2018-2019 Urgent Job Recruitment.... Click Here And Apply Now....

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Job Type : Full Time / Half Time
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 Age : 21 to 45
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Germany is a global leader in science and technology as its achievements in the fields of science and technology have been significant. Research and development efforts form an integral part of the economy. The Nobel Prize has been awarded to 107 German laureates. It produces the second highest number of graduates in science and engineering (31%) after South Korea. In the beginning of the 20th century, German laureates had more awards than those of any other nation, especially in the sciences (physics, chemistry, and physiology or medicine).
Notable German physicists before the 20th century include Hermann von Helmholtz, Joseph von Fraunhofer and Gabriel Daniel Fahrenheit, among others. Albert Einstein introduced the special relativity and general relativity theories for light and gravity in 1905 and 1915 respectively. Along with Max Planck, he was instrumental in the introduction of quantum mechanics, in which Werner Heisenberg and Max Born later made major contributions. Wilhelm Röntgen discovered X-rays. 

Otto Hahn was a pioneer in the fields of radiochemistry and discovered nuclear fission, while Ferdinand Cohn and Robert Koch were founders of microbiology. Numerous mathematicians were born in Germany, including Carl Friedrich Gauss, David Hilbert, Bernhard Riemann, Gottfried Leibniz, Karl Weierstrass, Hermann Weyl and Felix Klein.
Germany has been the home of many famous inventors and engineers, including Hans Geiger, the creator of the Geiger counter; and Konrad Zuse, who built the first fully automatic digital computer. Such German inventors, engineers and industrialists as Count Ferdinand von Zeppelin, Otto Lilienthal, Gottlieb Daimler, Rudolf Diesel, Hugo Junkers and Karl Benz helped shape modern automotive and air transportation technology. German institutions like the German Aerospace Center (DLR) are the largest contributor to ESA. Aerospace engineer Wernher von Braun developed the first space rocket at Peenemünde and later on was a prominent member of NASA and developed the Saturn V Moon rocket. Heinrich Rudolf Hertz's work in the domain of electromagnetic radiation was pivotal to the development of modern telecommunication.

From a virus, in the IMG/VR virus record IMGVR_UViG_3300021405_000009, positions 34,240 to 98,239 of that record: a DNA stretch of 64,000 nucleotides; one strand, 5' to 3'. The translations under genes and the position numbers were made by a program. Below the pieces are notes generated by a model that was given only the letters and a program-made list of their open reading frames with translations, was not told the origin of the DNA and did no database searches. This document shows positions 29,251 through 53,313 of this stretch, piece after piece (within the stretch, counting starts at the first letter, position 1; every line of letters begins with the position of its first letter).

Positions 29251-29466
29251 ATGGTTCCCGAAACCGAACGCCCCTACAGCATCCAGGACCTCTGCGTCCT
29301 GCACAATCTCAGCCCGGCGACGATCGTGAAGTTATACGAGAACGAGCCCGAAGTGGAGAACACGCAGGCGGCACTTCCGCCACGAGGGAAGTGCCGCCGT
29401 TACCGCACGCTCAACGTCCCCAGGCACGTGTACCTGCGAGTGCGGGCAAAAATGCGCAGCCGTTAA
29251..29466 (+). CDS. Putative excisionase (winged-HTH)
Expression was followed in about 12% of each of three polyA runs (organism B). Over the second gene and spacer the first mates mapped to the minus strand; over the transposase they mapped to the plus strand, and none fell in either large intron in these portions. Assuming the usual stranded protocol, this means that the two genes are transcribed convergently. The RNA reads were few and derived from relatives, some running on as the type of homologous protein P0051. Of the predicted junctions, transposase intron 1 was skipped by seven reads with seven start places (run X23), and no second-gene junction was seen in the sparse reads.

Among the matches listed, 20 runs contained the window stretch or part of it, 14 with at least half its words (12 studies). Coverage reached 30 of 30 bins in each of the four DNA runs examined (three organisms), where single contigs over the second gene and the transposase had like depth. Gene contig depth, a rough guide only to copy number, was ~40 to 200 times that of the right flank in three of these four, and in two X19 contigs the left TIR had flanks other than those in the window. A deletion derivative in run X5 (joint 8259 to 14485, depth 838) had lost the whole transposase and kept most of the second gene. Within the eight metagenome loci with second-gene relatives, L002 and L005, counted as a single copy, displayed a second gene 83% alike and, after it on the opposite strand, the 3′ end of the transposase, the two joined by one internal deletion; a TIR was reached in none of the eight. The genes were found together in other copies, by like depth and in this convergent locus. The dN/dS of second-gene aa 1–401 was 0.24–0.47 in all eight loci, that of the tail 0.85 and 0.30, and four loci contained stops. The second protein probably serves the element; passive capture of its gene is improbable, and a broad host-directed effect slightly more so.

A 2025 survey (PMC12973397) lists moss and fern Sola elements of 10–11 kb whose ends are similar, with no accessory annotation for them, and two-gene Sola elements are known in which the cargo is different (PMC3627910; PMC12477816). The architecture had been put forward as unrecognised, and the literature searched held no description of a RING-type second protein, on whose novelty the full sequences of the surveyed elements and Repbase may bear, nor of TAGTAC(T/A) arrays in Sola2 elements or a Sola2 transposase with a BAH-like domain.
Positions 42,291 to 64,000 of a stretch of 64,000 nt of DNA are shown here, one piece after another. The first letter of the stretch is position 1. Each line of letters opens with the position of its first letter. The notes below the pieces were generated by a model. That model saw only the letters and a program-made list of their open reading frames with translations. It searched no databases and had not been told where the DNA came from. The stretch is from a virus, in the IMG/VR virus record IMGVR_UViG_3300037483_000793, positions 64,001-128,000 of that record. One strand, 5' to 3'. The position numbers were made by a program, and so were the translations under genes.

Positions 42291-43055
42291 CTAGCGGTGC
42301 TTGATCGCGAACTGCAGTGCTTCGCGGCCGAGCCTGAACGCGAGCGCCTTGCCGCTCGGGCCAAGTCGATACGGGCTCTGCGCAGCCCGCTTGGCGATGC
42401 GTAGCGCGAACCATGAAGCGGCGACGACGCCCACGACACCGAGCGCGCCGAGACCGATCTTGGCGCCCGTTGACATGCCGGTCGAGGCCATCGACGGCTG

Research institutions in Germany include the Max Planck Society, the Helmholtz Association and the Fraunhofer Society. The Wendelstein 7-X in Greifswald hosts a facility in the research of fusion power for instance. The Gottfried Wilhelm Leibniz Prize is granted to ten scientists and academics every year. With a maximum of €2.5 million per award it is one of highest endowed research prizes in the world.
As of 2016, about ten million of Germany's 82 million residents did not have German citizenship, which makes up 12% of the country's population. The majority of migrants live in western Germany, in particular in urban areas.The Federal Statistical Office classifies the citizens by immigrant background. Regarding the immigrant background, 22.5% of the country's residents, or more than 18.6 million people, were of immigrant or partially immigrant descent in 2016 (including persons descending or partially descending from ethnic German repatriates). In 2015, 36% of children under 5 were of immigrant or partially immigrant descent.
In 2011 census, as people with immigrant background (Personen mit Migrationshintergrund) were counted all immigrants, including ethnic Germans that came to the federal republic or had at least one parent settling here after 1955.

 The largest part of people with immigrant background is made up of returning ethnic Germans (Aussiedler and Spätaussiedler), followed by Turkish, European Union, and former Yugoslav citizens.
In the 1960s and 1970s, the German governments invited "guest workers" (Gastarbeiter) to migrate to Germany for work in the German industries. Many companies preferred to keep these workers employed in Germany after they had trained them and Germany's immigrant population has steadily increased.